Libya on the brink
Hopes for the UN's unity government are fading, IS is capitalising on the chaos, renewing its assault on energy infrastructure, and the drumbeat for Western intervention is getting louder
A UN-appointed Government of National Accord (GNA) waits in the wings, but genuine unity and security for Libya remain only a distant hope. Fresh attacks by Islamic State (IS) on two oil-export terminals, persistent efforts by the east to win control of the country's energy sector and ever-deepening factionalism mean events on the ground continue to trump diplomacy. Oil production of 400,000 b/d, a quarter of capacity, looks likelier to fall further than to recover.
IS' assault on Ras Lanuf and Es-Sider on 5 January showed, again, the group's ability to strike with impunity in the oil crescent. Nine men from the Petroleum Facilities (PFG) were killed in the suicide-bomb attack. Five storage tanks at Es-Sider and two at Ras Lanuf are still burning. Both terminals, and 11 fields that supply them, have been under force majeure for months, so the material impact on Libya's oil sector is negligible.
On 7 January, the terrorists struck Zliten, a town west of Misrata, killing at least 40, and demonstrating the group's capacity to cause carnage even well beyond the territory it controls.
But IS' efforts to capture Ajdabiya, 160 km south of Benghazi, pose a deeper threat. Gaining the town would give IS easy access to Zueitina and Brega export terminals (both shut) and installations belonging to Harouge and Sirte Oil Company. Sarir and Misla, two fields in southeast Libya responsible now for almost all of the country's onshore production, are a target. IS said last year it would seek to damage Libyan oil infrastructure and is keeping its word.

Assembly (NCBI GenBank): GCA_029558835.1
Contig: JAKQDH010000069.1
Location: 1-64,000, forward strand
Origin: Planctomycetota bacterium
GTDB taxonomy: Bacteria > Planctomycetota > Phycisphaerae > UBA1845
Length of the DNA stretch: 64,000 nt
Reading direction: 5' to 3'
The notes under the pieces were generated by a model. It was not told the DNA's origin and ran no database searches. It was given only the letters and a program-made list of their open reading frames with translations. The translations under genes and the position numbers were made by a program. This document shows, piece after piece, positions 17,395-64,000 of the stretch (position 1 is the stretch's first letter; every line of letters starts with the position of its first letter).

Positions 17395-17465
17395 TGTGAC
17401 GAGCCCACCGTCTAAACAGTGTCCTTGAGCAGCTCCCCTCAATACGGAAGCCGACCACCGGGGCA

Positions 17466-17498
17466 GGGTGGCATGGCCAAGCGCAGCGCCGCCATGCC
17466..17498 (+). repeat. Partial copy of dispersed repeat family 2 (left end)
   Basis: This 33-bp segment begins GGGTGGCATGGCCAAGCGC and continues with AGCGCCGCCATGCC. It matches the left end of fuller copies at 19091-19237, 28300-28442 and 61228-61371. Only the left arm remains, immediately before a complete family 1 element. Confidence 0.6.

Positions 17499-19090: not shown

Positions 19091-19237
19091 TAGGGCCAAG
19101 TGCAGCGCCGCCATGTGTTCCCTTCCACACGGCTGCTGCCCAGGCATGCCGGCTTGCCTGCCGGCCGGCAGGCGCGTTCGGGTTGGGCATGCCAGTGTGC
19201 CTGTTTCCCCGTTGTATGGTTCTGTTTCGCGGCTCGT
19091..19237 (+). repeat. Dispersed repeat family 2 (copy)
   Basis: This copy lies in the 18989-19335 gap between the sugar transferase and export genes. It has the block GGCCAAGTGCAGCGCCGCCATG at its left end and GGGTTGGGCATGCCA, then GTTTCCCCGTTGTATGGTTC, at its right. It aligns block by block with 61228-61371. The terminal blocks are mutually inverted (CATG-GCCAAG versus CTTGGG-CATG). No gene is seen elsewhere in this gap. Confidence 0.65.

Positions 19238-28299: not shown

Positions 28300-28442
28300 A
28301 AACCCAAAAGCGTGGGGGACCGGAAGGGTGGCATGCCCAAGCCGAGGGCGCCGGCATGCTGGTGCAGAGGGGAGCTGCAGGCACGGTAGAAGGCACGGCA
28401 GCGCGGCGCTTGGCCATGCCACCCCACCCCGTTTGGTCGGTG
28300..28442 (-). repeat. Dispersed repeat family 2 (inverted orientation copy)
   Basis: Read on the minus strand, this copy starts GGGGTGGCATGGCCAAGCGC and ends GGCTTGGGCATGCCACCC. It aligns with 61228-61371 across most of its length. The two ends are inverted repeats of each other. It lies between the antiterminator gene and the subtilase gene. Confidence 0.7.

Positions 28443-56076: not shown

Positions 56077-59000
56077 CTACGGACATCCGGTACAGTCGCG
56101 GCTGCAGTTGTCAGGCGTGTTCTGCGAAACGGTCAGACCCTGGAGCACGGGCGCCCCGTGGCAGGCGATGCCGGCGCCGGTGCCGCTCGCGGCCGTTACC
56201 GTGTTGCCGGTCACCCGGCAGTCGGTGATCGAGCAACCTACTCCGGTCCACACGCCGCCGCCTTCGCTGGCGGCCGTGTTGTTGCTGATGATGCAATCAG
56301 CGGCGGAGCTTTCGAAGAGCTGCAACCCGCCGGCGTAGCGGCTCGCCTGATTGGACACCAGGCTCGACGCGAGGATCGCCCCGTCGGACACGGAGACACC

Alarmed by the terror-group's advance eastwards, Western powers are now moving closer to aerial military intervention. "Ajdabiya is the Benghazi of 2016" says Mattia Toaldo, a Libya specialist and fellow of the European Council on Foreign Relations, referring to Nato's intervention in 2011 to stop Qadhafi's Green Army from reaching the country's second city. The US and France are most gung-ho, while Germany and Italy are more reluctant, preferring domestic political resolution first, he says. Intervention now would probably deal a final blow to the UN-appointed GNA, undermining its authority and reinforcing suspicions among many Libyans that it is but a Western stooge.
But the GNA's prospects look increasingly bleak anyway. The leaders of the General National Congress (GNC), based in Tripoli, continue to oppose it. Although the GNA agreement in December favoured the Tobruk-based House of Representatives (HoR), that body has not endorsed it either. It hasn't even mustered a quorum to debate and vote on the issue. The UN-appointed body has to win approval from Tobruk by 26 January to have any chance of legitimacy. Then it would have to set up shop in Tripoli and take control of state institutions.
Events on the ground could make that even less likely. The HoR is still trying to carve an independent eastern oil sector for itself, in which shippers would buy crude from a breakaway National Oil Company (NOC) in Baida and pay money into a new account in Cairo. Supporting this plan, the separatist-minded Ibrahim Jadhran, head of the PFG, shut down Zueitina port in November. Unless shippers started dealing with NOC Baida, Jadhran told them, he would also shut down Hariga, the only export terminal still operating in Libya.
NOC Baida claims to have secured a deal to sell 2m barrels of stored oil to Egypt. But its efforts to siphon off Libyan oil-export revenue are unlikely to succeed. The US stopped Jadhran from selling oil independently of NOC in March 2014 and Western governments insist that NOC (based in Tripoli) remains the only legitimate vendor of Libyan oil and the Central Bank the only body entitled to receive revenue. Big shippers, including Glencore, Vitol and Litasco, agree.